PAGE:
The income-tax department will in all likelihood go into overdrive in the next three months with the Central Board of Direct Taxes — the apex body — alerting all senior tax officials that their performance is being “monitored at the highest level.” It will also give a renewed push towards imposing and recovering tax on Rs 3 lakh crore deposit, which is suspected to be the quantum of unexplained cash parked with banks post demonetisation.
“There will be searches, surveys, information verification, and follow-ups. Explanations on ‘cash in hand’ amounts are being sought from different kinds of assessees, and not just from large establishments and jewellers… We will be knocking on many doors even if our respective targets are met,” a senior tax officer told ET.
This was broadly the message conveyed by the CBDT chief during a recent video-conference with tax officials.According to another person in the department, direct tax offices in various circles may be required to go full steam due to a drop in GST collection following cut in tax rates and refunds.
‘Dispose of Appeals Before March 31’
Till now many in the department were caught up with assessments pertaining to notices which were sent in September 2015 (for the financial year 2014-15) as these matters were getting time-barred in December 2017. Now, tax officers have the time to focus on recovery till March 31. “A possible slowdown in income tax refund, directing the CIT Appeal to dispose of appeals confirming the additions, investigating cases where assesses have deposited more than Rs 10 lakh in demonetised notes may push up gross collection. But does this really reflect the true state of tax collection in a slowing economy where the GDP growth rate is admitted to have come down,” said senior chartered accountant Dilip Lakhani.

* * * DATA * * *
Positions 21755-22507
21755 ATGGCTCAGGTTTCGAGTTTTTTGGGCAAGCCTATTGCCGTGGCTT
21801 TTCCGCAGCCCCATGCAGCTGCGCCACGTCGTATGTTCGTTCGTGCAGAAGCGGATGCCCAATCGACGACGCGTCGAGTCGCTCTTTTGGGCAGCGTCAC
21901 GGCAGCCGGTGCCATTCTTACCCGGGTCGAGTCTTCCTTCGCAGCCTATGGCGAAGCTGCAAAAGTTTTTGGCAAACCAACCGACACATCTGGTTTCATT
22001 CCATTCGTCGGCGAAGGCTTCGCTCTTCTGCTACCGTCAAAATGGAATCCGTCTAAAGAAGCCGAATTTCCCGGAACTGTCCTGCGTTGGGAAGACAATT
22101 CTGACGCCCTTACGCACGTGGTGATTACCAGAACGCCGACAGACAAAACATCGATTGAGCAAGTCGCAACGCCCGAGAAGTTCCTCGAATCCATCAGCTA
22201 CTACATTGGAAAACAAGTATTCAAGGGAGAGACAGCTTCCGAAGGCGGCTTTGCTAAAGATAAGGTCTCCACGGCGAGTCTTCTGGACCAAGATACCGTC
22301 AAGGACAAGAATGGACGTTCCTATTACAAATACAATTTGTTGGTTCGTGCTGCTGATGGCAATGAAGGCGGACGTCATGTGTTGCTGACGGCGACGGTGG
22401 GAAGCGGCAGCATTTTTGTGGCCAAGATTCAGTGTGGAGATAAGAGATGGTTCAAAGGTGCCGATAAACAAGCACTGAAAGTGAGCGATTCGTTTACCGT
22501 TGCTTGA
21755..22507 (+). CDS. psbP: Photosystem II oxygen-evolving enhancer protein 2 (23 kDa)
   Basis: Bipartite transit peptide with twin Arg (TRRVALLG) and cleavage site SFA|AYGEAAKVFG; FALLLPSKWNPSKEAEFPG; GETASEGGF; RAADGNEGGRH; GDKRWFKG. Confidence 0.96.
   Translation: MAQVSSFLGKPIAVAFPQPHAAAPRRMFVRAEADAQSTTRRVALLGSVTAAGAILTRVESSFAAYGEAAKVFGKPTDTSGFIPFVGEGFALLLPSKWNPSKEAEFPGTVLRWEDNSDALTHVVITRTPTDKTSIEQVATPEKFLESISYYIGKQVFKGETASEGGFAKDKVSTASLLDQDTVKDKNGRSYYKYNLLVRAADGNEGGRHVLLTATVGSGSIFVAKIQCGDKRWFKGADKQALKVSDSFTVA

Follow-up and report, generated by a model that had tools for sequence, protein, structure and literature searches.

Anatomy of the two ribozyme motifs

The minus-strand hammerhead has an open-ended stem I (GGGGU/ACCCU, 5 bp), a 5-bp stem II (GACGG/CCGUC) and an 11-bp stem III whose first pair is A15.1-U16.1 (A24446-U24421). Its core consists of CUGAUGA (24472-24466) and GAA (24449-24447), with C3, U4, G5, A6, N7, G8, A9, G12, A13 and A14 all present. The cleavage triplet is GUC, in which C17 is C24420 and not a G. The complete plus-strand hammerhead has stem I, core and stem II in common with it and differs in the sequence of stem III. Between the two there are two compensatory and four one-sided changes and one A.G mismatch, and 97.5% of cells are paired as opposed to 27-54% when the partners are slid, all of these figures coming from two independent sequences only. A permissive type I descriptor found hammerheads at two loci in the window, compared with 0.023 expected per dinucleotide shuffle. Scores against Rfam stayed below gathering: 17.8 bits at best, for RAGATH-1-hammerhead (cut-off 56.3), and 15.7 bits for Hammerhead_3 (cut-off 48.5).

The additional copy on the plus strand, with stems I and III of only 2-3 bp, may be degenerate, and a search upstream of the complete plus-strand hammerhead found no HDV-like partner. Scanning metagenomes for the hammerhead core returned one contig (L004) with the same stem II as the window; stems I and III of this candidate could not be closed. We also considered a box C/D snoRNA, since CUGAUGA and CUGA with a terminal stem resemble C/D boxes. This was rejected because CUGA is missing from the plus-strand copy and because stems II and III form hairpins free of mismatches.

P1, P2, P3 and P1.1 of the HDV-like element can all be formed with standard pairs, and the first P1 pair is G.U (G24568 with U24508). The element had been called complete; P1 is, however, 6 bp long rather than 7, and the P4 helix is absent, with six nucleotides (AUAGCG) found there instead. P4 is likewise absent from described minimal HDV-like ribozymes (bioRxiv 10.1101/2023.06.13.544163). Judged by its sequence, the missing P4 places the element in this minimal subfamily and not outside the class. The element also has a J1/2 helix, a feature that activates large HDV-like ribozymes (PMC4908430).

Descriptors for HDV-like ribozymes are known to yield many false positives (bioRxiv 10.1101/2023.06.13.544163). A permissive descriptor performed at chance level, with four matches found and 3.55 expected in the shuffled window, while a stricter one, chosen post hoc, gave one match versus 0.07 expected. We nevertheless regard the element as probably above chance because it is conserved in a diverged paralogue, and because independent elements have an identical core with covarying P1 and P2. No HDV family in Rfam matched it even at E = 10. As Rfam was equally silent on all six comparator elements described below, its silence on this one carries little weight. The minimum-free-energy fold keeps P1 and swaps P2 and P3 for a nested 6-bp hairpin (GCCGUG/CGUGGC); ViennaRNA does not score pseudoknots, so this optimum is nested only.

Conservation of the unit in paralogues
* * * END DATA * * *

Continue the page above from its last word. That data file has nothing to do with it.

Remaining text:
In some of the large tax collection zones like Mumbai, the chief commissioner has written to several offices of the commissioner of income tax (Appeals), which is the first appellate authority, to dispose of many appeals before the close of the financial year.
Tax authorities technically have the power to come down heavily on those who are unable to explain their cash deposit by slapping 60% tax and penalty – even though the process could take some time.
About two months ago, tax offices were directed to accept only those revised tax returns where there is a “bonafide inadvertent error” or “a mistake” on the part of the assessee. This was to tax the unaccounted cash that was deposited after demonetisation (of high denomination currency bills in November 2016) and subsequently regularised through a revised return and payment of tax on it at the normal rate of 30%.
However, the communique to tax officers guidelines were only suggestive in nature as the law allows filing of revised return due to various reasons including an intention to conceal income.